Instantly recognisable, intricately crafted and infamously difficult to wear correctly. There’s power in the kimono, which once symbolised class rebellion.

For all occasions

Japan’s extreme climate, ranging from sub-zero winters to sweltering summers, brings a wealth of styles and colours to every season. Couple this with Japan’s many traditional ceremonies and festivals, and there really is a kimono for all occasions.

In January, 20 year olds celebrate their coming of age. Newly adult women don thick woollen, long-sleeved ‘furisode’ with sumptuous fur scarves and elaborate hairstyles.

Come August, light and thin cotton ‘yukata’ keep couples cool at romantic firework display dates. Compared to the winter kimono, patterns are summery and bright.

An ‘Uchikake’ is an outer kimono worn by the bride at traditional Japanese wedding ceremonies. This luxurious garment is thick and long all around, often decorated with images of cranes which symbolise longevity and bring luck..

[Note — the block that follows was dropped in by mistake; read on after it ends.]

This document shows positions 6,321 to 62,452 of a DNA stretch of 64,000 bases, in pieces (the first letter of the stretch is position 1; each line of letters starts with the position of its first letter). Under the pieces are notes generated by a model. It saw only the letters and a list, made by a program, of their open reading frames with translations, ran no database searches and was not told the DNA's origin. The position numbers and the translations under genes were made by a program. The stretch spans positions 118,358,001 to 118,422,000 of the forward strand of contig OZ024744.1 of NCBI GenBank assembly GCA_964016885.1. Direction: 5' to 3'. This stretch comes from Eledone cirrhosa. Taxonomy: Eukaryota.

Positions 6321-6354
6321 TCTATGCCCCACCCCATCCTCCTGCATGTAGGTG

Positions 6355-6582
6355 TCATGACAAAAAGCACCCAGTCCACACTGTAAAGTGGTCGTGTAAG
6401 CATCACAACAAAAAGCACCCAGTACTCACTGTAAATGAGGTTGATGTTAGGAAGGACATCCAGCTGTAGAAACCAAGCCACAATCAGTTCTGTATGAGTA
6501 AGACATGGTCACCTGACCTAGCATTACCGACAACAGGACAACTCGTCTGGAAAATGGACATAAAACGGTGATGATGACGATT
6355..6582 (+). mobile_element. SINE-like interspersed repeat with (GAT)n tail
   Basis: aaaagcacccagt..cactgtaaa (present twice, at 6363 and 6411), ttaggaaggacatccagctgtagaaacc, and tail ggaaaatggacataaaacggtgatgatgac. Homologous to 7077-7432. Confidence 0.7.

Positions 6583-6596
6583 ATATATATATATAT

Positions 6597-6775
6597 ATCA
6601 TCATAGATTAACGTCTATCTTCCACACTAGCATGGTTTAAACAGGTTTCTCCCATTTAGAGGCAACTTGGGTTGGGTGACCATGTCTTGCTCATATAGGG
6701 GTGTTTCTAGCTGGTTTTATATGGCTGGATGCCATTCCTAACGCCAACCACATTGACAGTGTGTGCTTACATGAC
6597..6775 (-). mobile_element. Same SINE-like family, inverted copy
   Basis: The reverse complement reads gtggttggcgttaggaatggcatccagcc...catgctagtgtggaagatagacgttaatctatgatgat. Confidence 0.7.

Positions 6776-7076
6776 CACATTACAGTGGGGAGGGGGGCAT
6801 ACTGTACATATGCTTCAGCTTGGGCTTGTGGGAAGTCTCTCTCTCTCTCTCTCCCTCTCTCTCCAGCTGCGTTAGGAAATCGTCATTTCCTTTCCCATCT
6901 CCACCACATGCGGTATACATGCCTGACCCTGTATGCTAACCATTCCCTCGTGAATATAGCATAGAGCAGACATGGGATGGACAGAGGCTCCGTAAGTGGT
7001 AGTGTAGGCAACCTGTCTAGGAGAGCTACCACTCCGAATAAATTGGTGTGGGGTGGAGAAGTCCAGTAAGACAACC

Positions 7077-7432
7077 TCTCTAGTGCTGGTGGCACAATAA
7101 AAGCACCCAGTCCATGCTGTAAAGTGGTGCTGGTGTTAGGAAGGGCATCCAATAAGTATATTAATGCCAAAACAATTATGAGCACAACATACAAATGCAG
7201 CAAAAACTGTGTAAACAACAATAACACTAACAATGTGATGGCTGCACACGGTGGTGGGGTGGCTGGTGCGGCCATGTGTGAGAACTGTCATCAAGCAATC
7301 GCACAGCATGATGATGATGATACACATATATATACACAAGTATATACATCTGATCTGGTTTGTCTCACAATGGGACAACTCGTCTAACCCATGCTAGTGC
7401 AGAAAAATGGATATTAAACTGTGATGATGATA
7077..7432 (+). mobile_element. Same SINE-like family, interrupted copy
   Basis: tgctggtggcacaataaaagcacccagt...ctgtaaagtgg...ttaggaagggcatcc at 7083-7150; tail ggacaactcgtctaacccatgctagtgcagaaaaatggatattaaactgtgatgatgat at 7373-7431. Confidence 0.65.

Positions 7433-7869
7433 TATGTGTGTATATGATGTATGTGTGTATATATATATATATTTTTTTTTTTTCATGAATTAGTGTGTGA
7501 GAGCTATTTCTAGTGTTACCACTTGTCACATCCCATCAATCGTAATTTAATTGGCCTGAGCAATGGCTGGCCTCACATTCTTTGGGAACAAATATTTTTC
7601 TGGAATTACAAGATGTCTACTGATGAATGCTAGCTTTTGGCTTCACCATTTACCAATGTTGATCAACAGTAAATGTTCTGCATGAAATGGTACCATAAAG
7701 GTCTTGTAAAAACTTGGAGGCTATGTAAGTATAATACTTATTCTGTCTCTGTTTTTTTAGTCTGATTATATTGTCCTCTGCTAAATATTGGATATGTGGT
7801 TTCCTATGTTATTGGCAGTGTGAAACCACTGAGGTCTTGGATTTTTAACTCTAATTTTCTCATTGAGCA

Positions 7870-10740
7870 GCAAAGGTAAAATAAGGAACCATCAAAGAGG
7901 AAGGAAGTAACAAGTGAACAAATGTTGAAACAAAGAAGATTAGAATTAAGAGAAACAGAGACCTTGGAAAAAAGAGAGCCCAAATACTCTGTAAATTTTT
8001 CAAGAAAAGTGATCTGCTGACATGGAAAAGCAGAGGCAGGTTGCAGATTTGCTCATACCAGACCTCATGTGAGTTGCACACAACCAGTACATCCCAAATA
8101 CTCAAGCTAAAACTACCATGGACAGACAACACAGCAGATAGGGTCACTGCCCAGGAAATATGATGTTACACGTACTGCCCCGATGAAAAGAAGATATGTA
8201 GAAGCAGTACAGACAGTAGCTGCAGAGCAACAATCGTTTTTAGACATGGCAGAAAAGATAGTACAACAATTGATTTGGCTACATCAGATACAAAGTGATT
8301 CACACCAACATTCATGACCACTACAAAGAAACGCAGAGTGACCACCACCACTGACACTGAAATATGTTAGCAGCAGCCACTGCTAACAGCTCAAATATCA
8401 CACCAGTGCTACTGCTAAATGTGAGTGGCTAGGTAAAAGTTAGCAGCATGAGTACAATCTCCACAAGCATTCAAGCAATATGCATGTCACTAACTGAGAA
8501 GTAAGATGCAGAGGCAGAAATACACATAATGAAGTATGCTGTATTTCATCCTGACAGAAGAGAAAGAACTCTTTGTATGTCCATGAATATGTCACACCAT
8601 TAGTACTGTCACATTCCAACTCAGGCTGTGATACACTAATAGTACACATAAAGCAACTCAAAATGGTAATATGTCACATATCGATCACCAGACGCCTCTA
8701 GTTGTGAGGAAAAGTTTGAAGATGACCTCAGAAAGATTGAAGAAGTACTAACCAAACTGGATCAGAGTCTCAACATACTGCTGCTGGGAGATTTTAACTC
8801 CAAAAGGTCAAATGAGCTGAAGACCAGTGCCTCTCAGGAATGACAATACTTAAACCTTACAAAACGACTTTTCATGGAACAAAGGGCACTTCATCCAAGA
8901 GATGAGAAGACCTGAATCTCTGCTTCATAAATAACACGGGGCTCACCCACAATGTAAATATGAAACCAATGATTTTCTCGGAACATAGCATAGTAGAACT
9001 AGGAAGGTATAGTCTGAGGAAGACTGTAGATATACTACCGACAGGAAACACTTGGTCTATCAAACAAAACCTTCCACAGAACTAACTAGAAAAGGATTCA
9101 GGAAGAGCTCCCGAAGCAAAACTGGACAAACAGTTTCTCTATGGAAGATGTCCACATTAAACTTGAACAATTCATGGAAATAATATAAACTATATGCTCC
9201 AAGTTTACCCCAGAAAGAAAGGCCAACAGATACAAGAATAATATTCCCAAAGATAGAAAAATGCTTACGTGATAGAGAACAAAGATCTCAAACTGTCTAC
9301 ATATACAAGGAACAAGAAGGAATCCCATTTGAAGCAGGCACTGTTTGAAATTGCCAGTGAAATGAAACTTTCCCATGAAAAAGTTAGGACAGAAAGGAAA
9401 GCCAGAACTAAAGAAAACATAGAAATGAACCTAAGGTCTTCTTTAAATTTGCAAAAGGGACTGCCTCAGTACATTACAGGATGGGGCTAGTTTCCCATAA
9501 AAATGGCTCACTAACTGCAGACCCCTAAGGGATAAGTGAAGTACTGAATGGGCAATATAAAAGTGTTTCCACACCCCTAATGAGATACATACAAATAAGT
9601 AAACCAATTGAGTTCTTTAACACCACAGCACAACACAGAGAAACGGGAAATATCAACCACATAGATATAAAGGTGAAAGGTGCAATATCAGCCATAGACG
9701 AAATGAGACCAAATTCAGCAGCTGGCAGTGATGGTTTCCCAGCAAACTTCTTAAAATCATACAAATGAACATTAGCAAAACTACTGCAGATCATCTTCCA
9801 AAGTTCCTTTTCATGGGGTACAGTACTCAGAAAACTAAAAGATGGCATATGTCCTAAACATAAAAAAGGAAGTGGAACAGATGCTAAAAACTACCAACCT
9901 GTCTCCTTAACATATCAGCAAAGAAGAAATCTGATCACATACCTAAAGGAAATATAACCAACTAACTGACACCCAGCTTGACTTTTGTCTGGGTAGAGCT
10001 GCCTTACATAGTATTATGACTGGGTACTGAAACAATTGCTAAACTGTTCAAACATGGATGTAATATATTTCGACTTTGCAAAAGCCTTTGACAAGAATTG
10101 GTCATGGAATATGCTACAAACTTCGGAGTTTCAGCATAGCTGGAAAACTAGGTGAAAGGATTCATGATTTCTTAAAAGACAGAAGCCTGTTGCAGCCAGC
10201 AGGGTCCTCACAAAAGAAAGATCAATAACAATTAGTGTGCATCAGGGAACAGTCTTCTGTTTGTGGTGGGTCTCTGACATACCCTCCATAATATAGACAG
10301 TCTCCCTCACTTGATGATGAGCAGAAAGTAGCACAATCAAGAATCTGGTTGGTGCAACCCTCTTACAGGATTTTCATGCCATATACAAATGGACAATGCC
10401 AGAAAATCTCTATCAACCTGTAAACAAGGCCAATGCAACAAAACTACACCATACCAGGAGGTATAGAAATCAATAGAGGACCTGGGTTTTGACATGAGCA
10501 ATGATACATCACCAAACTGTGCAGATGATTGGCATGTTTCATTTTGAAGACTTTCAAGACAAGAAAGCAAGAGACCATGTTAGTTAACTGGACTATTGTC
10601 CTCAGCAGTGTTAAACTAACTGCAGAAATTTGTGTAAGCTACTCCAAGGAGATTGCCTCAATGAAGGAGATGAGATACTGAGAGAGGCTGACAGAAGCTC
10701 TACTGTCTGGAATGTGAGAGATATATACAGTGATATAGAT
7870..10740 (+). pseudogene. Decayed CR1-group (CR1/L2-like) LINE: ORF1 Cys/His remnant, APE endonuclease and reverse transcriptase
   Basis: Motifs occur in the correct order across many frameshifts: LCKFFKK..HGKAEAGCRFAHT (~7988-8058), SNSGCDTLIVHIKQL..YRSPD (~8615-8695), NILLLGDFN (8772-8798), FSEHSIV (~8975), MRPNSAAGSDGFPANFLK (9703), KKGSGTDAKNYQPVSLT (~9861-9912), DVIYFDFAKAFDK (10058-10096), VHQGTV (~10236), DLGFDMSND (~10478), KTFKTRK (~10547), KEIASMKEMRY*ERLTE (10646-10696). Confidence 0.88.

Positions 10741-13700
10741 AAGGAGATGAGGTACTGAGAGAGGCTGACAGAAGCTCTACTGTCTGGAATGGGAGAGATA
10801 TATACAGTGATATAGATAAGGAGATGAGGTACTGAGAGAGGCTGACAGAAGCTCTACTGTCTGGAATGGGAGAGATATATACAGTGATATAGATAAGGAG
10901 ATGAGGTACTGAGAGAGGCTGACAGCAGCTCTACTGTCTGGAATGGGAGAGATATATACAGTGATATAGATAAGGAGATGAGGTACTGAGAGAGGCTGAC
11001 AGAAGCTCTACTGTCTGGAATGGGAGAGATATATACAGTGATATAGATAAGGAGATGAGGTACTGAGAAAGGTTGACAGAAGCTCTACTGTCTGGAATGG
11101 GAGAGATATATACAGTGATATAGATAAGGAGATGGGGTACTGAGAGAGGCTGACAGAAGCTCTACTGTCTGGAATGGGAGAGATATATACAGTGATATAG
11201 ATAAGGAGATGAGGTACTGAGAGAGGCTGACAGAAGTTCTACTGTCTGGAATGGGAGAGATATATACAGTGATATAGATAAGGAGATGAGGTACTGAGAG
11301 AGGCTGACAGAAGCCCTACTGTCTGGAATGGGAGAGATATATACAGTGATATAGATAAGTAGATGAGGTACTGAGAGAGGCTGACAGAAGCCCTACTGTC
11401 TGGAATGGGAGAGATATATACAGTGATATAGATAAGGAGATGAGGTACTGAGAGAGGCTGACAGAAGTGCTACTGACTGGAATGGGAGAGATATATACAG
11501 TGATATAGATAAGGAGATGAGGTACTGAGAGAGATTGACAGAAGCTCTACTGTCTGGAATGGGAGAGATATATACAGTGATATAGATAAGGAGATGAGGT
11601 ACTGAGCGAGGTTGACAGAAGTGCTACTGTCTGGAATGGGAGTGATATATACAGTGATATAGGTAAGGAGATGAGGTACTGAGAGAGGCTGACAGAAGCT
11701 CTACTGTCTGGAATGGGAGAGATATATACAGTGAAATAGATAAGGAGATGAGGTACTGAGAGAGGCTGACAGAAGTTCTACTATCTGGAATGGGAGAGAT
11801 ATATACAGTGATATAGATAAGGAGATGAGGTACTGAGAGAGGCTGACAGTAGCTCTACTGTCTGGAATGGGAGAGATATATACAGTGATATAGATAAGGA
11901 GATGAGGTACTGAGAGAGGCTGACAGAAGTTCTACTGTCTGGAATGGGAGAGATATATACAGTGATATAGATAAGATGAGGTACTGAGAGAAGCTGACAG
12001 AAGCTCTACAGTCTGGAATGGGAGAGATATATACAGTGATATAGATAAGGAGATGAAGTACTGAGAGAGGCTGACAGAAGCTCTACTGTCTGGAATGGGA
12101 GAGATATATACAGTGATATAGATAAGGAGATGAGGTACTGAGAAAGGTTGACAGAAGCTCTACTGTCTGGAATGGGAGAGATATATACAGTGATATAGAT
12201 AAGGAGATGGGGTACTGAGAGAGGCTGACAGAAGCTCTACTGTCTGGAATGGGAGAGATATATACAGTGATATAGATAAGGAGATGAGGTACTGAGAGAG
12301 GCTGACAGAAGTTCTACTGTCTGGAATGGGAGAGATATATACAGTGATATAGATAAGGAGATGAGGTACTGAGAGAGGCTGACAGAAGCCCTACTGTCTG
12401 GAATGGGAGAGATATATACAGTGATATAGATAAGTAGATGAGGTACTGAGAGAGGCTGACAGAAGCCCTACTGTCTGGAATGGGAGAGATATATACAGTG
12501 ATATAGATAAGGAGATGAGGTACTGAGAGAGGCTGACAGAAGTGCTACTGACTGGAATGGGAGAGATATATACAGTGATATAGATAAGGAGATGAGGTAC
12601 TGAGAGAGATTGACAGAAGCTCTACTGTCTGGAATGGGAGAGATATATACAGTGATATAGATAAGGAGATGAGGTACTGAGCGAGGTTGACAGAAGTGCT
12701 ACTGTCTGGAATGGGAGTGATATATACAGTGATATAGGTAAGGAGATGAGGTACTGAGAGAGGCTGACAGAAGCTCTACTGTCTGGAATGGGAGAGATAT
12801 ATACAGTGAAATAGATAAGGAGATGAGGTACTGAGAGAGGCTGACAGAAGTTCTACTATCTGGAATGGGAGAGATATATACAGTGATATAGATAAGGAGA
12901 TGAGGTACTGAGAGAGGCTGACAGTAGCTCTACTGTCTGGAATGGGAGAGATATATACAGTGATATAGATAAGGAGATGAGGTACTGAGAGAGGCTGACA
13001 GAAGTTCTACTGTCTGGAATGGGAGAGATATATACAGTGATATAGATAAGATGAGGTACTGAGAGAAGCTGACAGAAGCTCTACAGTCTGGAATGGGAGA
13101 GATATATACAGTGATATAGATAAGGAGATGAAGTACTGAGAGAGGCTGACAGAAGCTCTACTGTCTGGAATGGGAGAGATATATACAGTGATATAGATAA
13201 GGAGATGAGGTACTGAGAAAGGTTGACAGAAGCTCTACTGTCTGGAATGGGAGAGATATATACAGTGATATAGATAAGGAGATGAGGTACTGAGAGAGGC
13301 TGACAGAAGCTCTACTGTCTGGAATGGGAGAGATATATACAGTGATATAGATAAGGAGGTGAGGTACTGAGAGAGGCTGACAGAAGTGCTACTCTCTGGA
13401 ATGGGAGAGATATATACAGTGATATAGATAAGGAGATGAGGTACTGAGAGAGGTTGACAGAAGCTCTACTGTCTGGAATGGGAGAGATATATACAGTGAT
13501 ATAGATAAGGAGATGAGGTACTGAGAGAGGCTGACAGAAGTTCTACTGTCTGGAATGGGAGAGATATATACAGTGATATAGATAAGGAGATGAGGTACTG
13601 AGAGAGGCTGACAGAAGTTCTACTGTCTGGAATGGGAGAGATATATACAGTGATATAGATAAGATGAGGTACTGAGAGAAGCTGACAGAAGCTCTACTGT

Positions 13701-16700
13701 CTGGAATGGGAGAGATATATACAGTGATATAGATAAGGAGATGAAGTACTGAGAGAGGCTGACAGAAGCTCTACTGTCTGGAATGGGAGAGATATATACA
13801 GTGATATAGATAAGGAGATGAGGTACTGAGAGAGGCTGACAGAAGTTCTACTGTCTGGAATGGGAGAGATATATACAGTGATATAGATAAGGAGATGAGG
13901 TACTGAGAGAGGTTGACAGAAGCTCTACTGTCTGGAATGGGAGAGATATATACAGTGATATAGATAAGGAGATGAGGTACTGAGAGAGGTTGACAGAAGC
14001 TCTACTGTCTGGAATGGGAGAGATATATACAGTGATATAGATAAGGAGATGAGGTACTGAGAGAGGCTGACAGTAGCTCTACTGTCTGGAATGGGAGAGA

On November 15th, children aged seven, five and three celebrate ‘Shichi-go-san’ by wearing brightly coloured kimono and praying for good health at local shrines. The kimono are typically red, pink or purple.

Forbidden Colours

The Edo period was a stable time in Japan’s history, allowing the merchant class to thrive. Many flaunted their wealth through peacock-like personal display.

This over-dressing became a threat to the ruling classes, and they outlawed lavish clothing for the underclasses in order to protect the strict hierarchy. So the merchants developed their own fashions, characterised by subtle colours and detailing.

But the lure of bright colours could hardly be resisted; lining and underclothes, not restricted by the laws became red. The forbidden colour spilled out tantalizingly when women’s long sleeves fell back.

The Jazz Age

The early 20th century was a hedonistic time. Kimono were draped lavishly in extravagant displays alongside Western imports.

This poster of a lady in a kimono with imported parasol and handbag was used to advertise the opening of Mitsukoshi Department Store in Shinjuku in 1925.

The lady flaunts a bobbed hairstyle and the child by her side is dressed fully in Western clothing.

Rather than being sidelined by the new foreign styles, the kimono co-existed for a highly fashionable effect.